On February 13, 2008, the SEC proposed amendments to the filing requirements applicable to foreign private issuers under the U.S. Securities Exchange Act of 1934 (the “Exchange Act”). The proposed rule changes are part of the SEC’s recent initiatives to modernize the reporting requirements under the Exchange Act in the wake of the ongoing globalization of securities markets, and aim to enhance disclosure provided by foreign private issuers in response to changes in filing requirements for U.S. domestic companies, changes in investor expectations and market practices, improvement of technologies, developments in foreign filing requirements, and changes in other areas of SEC regulation.

Some of the major proposed changes include: 

  • permitting reporting foreign issuers to assess their status as foreign private issuers (and thus their eligibility to use the special forms and rules available to foreign private issuers) once a year on the last business day of their second fiscal quarter (rather than on a continuous basis, as is currently required);
  • after a two-year transition period, accelerating the filing deadline for annual reports on Form 20-F by foreign private issuers to 90 days after an issuer’s fiscal year-end in the case of large accelerated filers and accelerated filers, and to 120 days after an issuer’s fiscal year-end for all other issuers (from the current filing deadline of six months after the fiscal year-end); and
  • eliminating an instruction to Item 17 of Form 20-F that permits certain foreign private issuers to omit segment data from their U.S. GAAP financial statements.

Another proposal would amend Exchange Act Rule 13e-3, which relates to going-private transactions by reporting issuers or their affiliates, to reference the recently adopted deregistration and termination of reporting rules applicable to foreign private issuers.

In addition, the SEC is seeking comments on other possible amendments that would affect foreign private issuers, including: 

  • after a transition period, eliminating the availability of the limited U.S. GAAP reconciliation option that is contained in Item 17 of Form 20-F;
  • amending the Form 20-F to require certain new disclosure items about: 
    • any changes in and disagreements with the issuer’s certifying accountant; 
    • fees, payments and other charges relating to American depositary receipts; and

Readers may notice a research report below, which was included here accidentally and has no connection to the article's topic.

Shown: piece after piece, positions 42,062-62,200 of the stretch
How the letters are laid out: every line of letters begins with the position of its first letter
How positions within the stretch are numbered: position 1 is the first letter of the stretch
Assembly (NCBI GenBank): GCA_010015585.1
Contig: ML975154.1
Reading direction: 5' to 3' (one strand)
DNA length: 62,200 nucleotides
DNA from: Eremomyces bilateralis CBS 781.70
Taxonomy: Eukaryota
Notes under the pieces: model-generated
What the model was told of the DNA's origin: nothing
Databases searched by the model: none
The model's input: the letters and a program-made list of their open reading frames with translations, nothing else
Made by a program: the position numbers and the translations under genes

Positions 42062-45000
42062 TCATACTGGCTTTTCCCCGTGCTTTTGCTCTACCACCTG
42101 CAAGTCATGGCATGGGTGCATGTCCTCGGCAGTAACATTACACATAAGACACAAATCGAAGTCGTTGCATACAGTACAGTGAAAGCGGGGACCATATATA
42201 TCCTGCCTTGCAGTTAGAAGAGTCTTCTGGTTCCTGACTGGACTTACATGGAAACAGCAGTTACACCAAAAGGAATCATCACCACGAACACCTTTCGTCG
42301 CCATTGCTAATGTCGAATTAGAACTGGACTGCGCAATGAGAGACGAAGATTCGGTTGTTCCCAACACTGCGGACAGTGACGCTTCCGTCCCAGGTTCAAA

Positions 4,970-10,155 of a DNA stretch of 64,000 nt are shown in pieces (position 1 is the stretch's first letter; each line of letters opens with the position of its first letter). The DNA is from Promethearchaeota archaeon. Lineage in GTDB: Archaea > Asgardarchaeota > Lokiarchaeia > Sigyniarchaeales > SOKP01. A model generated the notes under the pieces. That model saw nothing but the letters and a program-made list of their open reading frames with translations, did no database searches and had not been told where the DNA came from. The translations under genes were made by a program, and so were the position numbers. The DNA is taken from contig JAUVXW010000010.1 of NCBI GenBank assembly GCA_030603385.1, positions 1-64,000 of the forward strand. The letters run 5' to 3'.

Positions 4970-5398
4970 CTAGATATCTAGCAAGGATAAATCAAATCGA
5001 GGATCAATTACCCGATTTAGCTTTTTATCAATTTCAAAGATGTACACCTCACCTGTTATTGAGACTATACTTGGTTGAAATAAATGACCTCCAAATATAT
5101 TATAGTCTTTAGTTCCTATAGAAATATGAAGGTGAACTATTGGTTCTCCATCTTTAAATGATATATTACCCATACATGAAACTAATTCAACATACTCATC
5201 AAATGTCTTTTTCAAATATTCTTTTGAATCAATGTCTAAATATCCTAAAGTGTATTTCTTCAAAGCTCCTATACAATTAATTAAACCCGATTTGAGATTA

• significant differences in the foreign issuer’s corporate governance practices compared to U.S. domestic issuers; and 
  • requiring foreign private issuers to provide financial information in their annual reports for acquired businesses that are significant at the 50% or greater level, measured according to Rule 1-02(w) of Regulation S-X.

Impact of Proposed Amendments

The proposals have both positive and less positive aspects to them. The proposal to allow issuers assess their status as foreign private issuers once a year will provide greater certainty and manageability as to their foreign private issuer status, particularly to certain issuers whose status is subject to change from time to time.

On the other hand, foreign private issuers currently have the flexibility to defer filing their Form 20-F annual reports for up to six months after the fiscal year-end. As reporting obligations outside the United States have become more stringent and have required a greater level of disclosure, for those issuers that prepare their annual U.S. disclosure in parallel with their home country disclosure, the shorter filing deadline will somewhat increase the burden, but at a manageable level. However, for the many issuers that prepare their U.S. disclosure separately from their home country disclosure, accelerating the timetable could increase the burden significantly. In addition, the proposed filing deadline for some large accelerated filers and accelerated filers may be earlier than the annual report filing deadlines under their home country laws and regulations, and thus increase the burden in preparing annual reports.

Another proposed change that will require additional work for foreign private issuers relates to the reporting of financial statements of acquired businesses following significant acquisitions. To date, foreign private issuers have not been subject to the requirements applicable to U.S. domestic issuers that trigger disclosure of stand-alone financial statements (or the related pro forma financial information) of acquired businesses that are significant at the 20% or greater level unless the issuer is conducting a registered public offering. The SEC could have proposed applying the same 20% threshold as U.S. domestic issuers, but have proposed such disclosure only at the 50% threshold. At the 50% level, the issuer will in effect be accelerating disclosure that otherwise only gets reflected in consolidated historical financial reporting once the acquired business’s results are reflected in the issuer’s consolidated financial statements.